Advanced Search
MyIDEAS: Login to save this article or follow this journal

Contractual conditions, working conditions and their impact on health and well-being

Contents:

Author Info

  • Silvana Robone

    ()

  • Andrew Jones
  • Nigel Rice

Abstract

No abstract is available for this item.

Download Info

If you experience problems downloading a file, check if you have the proper application to view it first. In case of further problems read the IDEAS help page. Note that these files are not on the IDEAS site. Please be patient as the files may be large.
File URL: http://hdl.handle.net/10.1007/s10198-010-0256-0
Download Restriction: Access to full text is restricted to subscribers.

As the access to this document is restricted, you may want to look for a different version under "Related research" (further below) or search for a different version of it.

Bibliographic Info

Article provided by Springer in its journal The European Journal of Health Economics.

Volume (Year): 12 (2011)
Issue (Month): 5 (October)
Pages: 429-444

as in new window
Handle: RePEc:spr:eujhec:v:12:y:2011:i:5:p:429-444

Contact details of provider:
Web page: http://link.springer.de/link/service/journals/10198/index.htm

Order Information:
Web: http://link.springer.de/orders.htm

Related research

Keywords: Working conditions; Contractual conditions; Self-assessed health; Psychological well-being; Dynamic panel data models; C230; I100; J410; J810;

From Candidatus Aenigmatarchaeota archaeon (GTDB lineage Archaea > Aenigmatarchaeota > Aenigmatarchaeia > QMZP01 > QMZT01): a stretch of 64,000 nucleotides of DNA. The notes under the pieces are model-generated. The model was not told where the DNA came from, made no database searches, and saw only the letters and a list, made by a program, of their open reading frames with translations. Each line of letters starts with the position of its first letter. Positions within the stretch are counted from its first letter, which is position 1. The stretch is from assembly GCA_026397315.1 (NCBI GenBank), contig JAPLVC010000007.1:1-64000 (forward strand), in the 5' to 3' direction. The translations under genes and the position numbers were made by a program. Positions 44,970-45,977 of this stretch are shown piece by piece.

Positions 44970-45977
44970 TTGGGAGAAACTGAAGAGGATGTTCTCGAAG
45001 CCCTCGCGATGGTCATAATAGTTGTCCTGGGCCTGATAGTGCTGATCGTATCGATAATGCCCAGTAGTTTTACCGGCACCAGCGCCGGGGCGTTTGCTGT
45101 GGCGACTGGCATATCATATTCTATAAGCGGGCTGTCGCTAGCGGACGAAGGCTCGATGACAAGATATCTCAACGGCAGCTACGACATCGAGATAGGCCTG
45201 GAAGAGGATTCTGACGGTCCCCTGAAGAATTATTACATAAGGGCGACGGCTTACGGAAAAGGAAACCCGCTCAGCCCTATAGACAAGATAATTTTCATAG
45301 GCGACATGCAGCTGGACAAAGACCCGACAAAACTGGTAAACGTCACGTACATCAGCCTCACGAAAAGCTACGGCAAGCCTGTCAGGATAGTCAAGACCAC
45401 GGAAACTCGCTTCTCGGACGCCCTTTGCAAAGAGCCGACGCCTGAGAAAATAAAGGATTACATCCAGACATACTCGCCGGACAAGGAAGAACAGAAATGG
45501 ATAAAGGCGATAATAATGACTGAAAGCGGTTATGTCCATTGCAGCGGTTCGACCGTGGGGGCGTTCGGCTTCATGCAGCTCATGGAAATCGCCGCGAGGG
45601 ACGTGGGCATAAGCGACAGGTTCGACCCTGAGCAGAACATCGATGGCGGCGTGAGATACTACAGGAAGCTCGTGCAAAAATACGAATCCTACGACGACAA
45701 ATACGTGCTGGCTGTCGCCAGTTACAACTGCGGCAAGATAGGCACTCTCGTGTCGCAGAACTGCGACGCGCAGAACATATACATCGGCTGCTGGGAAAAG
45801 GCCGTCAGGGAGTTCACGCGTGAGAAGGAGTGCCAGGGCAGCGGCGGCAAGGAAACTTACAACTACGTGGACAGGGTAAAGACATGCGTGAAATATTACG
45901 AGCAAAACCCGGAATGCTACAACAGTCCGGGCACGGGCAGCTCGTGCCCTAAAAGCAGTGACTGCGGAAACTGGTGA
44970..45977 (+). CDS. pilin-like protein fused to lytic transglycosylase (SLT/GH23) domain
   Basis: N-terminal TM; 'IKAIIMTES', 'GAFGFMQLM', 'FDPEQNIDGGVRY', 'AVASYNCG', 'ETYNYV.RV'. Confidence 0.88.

Find related papers by JEL classification:

References

References listed on IDEAS
Please report citation or reference errors to , or , if you are the registered author of the cited work, log in to your RePEc Author Service profile, click on "citations" and make appropriate adjustments.:
as in new window
  1. Paul Contoyannis & Andrew M. Jones & Nigel Rice, 2004. "The dynamics of health in the British Household Panel Survey," Journal of Applied Econometrics, John Wiley & Sons, Ltd., vol. 19(4), pages 473-503.
  2. Nabanita Datta Gupta & Nicolai Kristensen, 2008. "Work environment satisfaction and employee health: panel evidence from Denmark, France and Spain, 1994–2001," The European Journal of Health Economics, Springer, vol. 9(1), pages 51-61, February.
  3. Cristina Hernández-Quevedo & Andrew M Jones & Nigel Rice, 2005. "Reporting bias and heterogeneity in selfassessed health. Evidence from the British Household Panel Survey," Health, Econometrics and Data Group (HEDG) Working Papers 05/04, HEDG, c/o Department of Economics, University of York.
  4. Rodriguez, Eunice, 2002. "Marginal employment and health in Britain and Germany: does unstable employment predict health?," Social Science & Medicine, Elsevier, vol. 55(6), pages 963-979, September.
  5. Peter Adams & Michael D. Hurd & Daniel L. McFadden & Angela Merrill & Tiago Ribeiro, 2004. "Healthy, Wealthy, and Wise? Tests for Direct Causal Paths between Health and Socioeconomic Status," NBER Chapters, in: Perspectives on the Economics of Aging, pages 415-526 National Bureau of Economic Research, Inc.